Attention all auto body shops and repairers and even consumers: it’s coming! Actually, you already knew it was coming, but now it is finally almost here! I’m talking about the all new, all aluminum Ford F-150. AutoBody-Review.com went to the SEMA show to get the inside scoop on what you need to know RIGHT NOW in order to be prepared if you intend to start fixing them, or if you plan to own one.
The auto body repair industry has a multitude of changing milestones, most of which represent the continual advancement of automotive design and construction. Ask any veteran body man about the most significant changes to their industry during their career, and I’m sure you’ll get a lot of similar responses. You’ll hear about Unibody Construction replacing full body-on-frame construction. You’ll hear about the MIG welder replacing gas welding, and about plastic filler replacing lead fillers, air bags, hybrids and Ultra high strength steel. One day, today’s body man will tell the future generation about the major milestone that is currently being led by Ford Motor Company. We will all remember when cars and trucks switched from steel to aluminum.
For the Consumer, the F-150 Will Be a "Game Changer"
It is Tougher. The new 2015 F-150 has an all-new, high-strength steel frame, with a high-strength aluminum-alloy body, and more than 10-million miles of testing. In essence, Ford is “reinventing ‘Built Ford Tough’”.
It is Smarter. There are about 11 new class-exclusive features. With these features, you’ll find the F-150 has a 360-degree camera view, which will help the driver to park, or off-road with more efficiency. There are also lights inside the pickup bed, including a step ladder. All lights (headlights, taillights, side mirrors) are LED, and possibly the coolest thing is the remote tailgate release.
It is Far More Capable. With the conversion from steel to “high strength military grade aluminum alloy” body, this gives the consumer a night and day difference from any previous F-150. For instance, the truck is up to 700 pounds lighter in weight than previous models. This will greatly affect fuel economy, making driving the new F-150 more affordable, and allow the driver to tow and haul more.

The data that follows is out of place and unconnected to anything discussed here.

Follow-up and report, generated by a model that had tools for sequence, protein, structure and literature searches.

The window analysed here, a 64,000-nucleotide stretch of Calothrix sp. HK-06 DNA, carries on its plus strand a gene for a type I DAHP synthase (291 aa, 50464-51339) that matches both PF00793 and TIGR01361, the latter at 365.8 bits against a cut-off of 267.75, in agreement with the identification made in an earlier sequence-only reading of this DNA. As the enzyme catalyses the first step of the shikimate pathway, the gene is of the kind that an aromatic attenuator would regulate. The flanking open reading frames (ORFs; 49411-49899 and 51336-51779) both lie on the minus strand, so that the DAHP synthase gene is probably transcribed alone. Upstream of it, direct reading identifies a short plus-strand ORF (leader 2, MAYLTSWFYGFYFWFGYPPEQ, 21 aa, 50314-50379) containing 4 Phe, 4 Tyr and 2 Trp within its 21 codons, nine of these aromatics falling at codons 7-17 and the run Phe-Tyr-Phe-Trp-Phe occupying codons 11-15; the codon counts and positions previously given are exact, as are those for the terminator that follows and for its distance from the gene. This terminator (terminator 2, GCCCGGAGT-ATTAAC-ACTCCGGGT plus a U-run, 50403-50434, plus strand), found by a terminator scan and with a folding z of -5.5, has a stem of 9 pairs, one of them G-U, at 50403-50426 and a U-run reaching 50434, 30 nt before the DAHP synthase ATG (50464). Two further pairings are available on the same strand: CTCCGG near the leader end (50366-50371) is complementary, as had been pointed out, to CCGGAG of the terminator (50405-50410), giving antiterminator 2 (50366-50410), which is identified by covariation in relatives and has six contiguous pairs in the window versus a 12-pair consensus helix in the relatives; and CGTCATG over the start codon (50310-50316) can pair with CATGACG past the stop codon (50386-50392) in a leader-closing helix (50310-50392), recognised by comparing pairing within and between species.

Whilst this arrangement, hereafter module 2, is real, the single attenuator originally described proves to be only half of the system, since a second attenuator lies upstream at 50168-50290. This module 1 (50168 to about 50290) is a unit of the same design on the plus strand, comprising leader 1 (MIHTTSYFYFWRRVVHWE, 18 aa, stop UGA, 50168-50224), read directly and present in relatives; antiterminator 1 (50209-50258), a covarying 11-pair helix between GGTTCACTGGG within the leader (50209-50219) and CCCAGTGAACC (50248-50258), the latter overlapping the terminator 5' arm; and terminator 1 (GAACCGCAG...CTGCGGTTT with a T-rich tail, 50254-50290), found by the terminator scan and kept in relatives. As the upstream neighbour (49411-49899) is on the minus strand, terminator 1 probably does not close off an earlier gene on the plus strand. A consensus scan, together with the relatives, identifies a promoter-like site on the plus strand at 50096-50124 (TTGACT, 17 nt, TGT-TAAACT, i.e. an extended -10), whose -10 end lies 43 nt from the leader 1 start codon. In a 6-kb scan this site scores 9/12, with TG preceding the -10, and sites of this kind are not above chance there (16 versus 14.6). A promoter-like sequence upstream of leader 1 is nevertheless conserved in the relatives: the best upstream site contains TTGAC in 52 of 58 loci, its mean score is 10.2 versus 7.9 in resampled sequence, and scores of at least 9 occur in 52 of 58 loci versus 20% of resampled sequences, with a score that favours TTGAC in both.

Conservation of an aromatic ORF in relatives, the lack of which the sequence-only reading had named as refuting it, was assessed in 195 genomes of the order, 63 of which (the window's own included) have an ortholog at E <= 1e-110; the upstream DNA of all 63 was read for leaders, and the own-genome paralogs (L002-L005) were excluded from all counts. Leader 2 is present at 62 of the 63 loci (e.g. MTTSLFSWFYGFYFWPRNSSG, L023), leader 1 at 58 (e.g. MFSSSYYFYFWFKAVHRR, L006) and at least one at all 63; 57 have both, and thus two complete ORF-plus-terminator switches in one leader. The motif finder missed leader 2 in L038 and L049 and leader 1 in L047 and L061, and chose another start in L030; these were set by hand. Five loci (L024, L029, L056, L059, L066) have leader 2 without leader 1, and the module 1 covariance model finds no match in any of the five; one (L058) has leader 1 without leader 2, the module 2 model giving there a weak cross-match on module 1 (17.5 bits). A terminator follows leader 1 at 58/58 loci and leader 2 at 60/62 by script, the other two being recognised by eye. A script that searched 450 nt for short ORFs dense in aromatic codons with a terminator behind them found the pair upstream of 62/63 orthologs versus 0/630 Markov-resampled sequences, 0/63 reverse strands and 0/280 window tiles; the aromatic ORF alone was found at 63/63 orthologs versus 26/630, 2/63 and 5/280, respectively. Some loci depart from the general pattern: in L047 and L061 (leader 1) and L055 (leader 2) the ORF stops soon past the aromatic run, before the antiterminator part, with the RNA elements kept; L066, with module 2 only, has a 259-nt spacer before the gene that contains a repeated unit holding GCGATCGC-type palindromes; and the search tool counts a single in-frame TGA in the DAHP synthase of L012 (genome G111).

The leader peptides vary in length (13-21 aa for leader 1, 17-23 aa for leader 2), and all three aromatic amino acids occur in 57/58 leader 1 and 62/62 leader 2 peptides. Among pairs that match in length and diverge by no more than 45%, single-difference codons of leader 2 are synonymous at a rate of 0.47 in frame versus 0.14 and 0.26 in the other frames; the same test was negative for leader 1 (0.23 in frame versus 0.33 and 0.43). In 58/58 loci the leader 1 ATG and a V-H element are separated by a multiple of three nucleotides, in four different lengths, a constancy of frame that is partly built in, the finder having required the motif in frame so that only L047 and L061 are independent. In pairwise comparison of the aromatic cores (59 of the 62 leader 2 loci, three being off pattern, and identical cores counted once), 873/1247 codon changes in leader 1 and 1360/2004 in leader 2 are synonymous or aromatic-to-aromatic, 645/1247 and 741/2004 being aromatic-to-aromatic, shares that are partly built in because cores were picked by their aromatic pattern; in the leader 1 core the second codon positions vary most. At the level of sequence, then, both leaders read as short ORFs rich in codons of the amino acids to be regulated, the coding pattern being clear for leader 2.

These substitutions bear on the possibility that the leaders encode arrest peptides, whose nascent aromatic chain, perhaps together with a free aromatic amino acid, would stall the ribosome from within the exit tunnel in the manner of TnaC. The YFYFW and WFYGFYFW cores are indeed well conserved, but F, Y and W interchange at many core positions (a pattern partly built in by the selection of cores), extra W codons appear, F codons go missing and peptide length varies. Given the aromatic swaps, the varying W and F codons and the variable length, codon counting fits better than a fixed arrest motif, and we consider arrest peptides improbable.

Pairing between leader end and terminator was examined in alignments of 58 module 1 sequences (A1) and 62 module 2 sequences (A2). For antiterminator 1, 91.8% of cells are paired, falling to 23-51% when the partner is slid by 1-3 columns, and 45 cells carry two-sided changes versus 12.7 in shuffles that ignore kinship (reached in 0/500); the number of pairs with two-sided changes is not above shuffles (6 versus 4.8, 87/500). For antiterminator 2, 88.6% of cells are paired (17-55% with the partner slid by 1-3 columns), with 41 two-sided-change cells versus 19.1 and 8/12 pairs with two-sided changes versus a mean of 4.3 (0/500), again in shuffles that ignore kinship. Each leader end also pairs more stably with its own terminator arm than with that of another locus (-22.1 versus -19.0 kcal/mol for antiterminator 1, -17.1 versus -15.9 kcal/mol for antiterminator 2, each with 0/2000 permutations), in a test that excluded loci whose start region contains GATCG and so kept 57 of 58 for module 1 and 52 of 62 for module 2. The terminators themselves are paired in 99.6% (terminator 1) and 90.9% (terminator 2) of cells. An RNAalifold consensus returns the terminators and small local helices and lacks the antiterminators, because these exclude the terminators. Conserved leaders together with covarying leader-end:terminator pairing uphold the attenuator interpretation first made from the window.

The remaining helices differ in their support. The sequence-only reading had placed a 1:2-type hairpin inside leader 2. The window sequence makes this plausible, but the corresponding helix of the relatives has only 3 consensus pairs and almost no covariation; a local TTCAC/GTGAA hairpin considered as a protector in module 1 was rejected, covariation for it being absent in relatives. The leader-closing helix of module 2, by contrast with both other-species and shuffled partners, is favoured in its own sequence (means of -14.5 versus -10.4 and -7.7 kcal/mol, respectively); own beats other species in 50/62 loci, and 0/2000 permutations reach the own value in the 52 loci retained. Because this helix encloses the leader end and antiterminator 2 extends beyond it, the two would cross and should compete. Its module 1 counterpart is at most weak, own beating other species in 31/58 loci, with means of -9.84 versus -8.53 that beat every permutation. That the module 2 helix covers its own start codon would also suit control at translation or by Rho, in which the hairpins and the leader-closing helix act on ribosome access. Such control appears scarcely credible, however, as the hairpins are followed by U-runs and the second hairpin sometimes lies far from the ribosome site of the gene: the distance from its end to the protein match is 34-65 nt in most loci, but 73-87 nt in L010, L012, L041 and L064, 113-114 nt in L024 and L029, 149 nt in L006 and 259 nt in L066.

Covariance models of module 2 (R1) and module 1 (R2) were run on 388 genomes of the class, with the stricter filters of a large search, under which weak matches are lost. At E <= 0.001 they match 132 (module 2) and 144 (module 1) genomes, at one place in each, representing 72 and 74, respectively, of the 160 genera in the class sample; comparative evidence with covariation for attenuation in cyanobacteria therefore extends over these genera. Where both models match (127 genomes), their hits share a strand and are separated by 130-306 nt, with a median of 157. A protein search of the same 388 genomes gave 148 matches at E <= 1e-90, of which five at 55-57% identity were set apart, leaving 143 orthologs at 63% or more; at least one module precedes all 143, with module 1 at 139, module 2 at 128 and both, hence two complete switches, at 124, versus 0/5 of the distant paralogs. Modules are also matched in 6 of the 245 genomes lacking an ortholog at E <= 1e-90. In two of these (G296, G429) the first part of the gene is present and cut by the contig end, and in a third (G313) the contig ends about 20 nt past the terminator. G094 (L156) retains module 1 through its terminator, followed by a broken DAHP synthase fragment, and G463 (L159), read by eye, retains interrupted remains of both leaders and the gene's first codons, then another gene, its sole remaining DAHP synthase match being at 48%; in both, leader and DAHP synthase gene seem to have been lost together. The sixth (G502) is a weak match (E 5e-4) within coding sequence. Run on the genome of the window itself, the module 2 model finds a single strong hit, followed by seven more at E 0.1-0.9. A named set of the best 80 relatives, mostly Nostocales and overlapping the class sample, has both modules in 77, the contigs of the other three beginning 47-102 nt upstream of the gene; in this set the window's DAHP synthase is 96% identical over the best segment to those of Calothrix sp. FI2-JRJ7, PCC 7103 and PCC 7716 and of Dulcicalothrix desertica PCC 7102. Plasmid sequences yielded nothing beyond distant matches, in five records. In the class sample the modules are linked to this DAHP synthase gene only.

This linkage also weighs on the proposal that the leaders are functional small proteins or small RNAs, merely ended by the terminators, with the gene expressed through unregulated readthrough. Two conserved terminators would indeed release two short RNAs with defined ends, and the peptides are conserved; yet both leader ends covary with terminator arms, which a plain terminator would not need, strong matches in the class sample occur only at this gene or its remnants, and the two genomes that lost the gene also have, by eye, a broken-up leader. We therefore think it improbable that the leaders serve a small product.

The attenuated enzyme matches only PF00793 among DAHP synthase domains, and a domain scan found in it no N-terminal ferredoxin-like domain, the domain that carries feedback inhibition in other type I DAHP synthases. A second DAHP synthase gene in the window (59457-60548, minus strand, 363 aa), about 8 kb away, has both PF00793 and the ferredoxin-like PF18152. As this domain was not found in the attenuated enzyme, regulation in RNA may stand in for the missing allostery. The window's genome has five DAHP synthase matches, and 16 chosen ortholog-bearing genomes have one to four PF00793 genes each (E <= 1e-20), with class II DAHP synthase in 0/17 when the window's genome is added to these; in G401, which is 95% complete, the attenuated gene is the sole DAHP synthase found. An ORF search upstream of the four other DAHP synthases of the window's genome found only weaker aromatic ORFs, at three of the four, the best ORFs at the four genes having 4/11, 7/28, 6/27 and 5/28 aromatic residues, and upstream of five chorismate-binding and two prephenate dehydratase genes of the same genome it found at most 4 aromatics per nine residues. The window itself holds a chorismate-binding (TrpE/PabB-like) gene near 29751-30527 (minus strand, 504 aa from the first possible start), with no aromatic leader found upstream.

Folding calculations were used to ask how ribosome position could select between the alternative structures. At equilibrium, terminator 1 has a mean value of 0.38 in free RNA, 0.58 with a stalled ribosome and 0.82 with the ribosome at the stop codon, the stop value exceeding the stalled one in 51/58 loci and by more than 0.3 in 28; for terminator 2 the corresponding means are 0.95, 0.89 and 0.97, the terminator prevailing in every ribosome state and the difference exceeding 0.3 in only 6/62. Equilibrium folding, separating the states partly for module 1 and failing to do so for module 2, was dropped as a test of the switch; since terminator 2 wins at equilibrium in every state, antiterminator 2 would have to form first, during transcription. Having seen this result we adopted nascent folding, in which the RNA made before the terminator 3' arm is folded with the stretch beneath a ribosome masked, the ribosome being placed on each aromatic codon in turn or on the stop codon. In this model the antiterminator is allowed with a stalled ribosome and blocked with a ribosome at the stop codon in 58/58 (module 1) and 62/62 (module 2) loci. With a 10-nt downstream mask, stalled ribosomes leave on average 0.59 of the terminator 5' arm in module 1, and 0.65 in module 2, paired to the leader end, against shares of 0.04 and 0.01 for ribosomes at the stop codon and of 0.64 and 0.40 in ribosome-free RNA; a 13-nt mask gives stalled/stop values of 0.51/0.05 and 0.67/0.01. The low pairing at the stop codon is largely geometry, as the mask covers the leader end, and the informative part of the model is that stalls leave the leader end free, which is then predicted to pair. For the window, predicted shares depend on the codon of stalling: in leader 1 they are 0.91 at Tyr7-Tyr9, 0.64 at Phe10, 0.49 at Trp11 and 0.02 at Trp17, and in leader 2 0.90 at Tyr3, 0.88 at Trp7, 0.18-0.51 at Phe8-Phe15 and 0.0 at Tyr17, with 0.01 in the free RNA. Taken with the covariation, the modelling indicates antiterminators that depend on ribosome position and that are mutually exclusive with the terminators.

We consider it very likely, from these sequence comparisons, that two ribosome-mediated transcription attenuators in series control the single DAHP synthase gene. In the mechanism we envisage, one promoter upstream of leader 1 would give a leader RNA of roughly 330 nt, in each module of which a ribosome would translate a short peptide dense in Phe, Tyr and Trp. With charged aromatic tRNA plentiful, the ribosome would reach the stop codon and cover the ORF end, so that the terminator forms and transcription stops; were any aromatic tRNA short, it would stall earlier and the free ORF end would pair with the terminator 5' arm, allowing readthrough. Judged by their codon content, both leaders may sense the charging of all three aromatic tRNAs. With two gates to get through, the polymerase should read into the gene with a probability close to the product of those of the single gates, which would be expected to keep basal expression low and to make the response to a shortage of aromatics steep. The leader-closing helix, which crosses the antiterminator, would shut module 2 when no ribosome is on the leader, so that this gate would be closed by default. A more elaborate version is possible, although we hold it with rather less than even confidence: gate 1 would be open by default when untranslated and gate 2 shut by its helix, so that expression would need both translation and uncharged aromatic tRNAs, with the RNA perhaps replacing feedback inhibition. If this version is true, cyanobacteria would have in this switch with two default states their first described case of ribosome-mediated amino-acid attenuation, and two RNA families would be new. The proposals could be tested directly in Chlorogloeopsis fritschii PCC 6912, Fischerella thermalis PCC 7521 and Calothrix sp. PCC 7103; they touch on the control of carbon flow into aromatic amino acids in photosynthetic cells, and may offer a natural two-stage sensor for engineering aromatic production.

For the Auto Body Shops, There Will Need to be Some Changes
The F-150 isn’t the first vehicle to incorporate aluminum in its construction, but it is the first to use it for nearly the entire vehicle. With this new milestone, you can guarantee that in the very near future, more and more cars will be made almost entirely with aluminum. So, if you have previously skirted the aluminum cars and sent them to specialist for repair because you couldn't justify the investment in aluminum repair technology, let me explain what has to be changed if you want to continue to stay in business in the very near future.
As I mentioned before, the F-150’s body is made of aluminum. Now, I’m not talking about just a panel here and there. Nearly the whole thing is aluminum. While the aluminum repair process is similar to steel repair, there are still various methods and tools that must be implemented in order to repair the vehicle correctly. For instance, it is required to have equipment that captures and stores any aluminum dust that may come during repair. The reason this is important is because aluminum is hazardous, due its ability to explode. There are places like Eurovac that sells these required repair equipment at SEMA. Stop by booth #11246 in North Hall to learn more!
Also, aluminum and steel can cross contaminate each other, which causes rapid corrosion issues, and will blister and peel the paint. Ford ran into this problem in the manufacturing side when the 2007-2009 Ford Mustang aluminum hood started having paint problems.
Aluminum repairs also require rivet bonding, instead of welding on structural repairs. You can completely forget about using any welding in the F-150’s aluminum braces, supports or replacement A B C, and door hinge pillars. You will also need to buy a self-piercing rivet gun. Currently, Henrob and Pro Spot are the only approved guns.
There are many more requirements and necessities the auto body industry will have to implement in order to properly repair the F-150, including your shop's facility. To be a certified repairer of the new F-150, and all the cars that will soon follow, you will need a dedicated aluminum area, or at a minimum, and approved work area separation system with curtain walls or with prep stations that also provide dust extraction.
Major Investment in Training of Your Staff
If you are a repair facility that is unsure if you are yet equipped and trained to properly repair the new F-150, then you may want to consider attending either an I-CAR training course, or go online. You can find an online training course outline via motorcraftservice.com.
The aluminum-capable program offered through Ford’s Rotunda equipment division includes training and welding certification from I-CAR and a list of required equipment. For shops starting from scratch for aluminum, the tools and equipment require an investment of between $30,000 and $50,000, and until April 30, Rotunda is offering Ford dealers a 20-percent discount on qualifying purchases.
The Future is Here
Where were you when cars switched to aluminum? Hopefully you were ready for the change, got ahead of the game, and were able to make it one of the most profitable things you ever did for your shop.
While out at the SEMA show, make sure you make contact with all these vendors so that you can begin to convert your shop to a modern aluminum repair facility.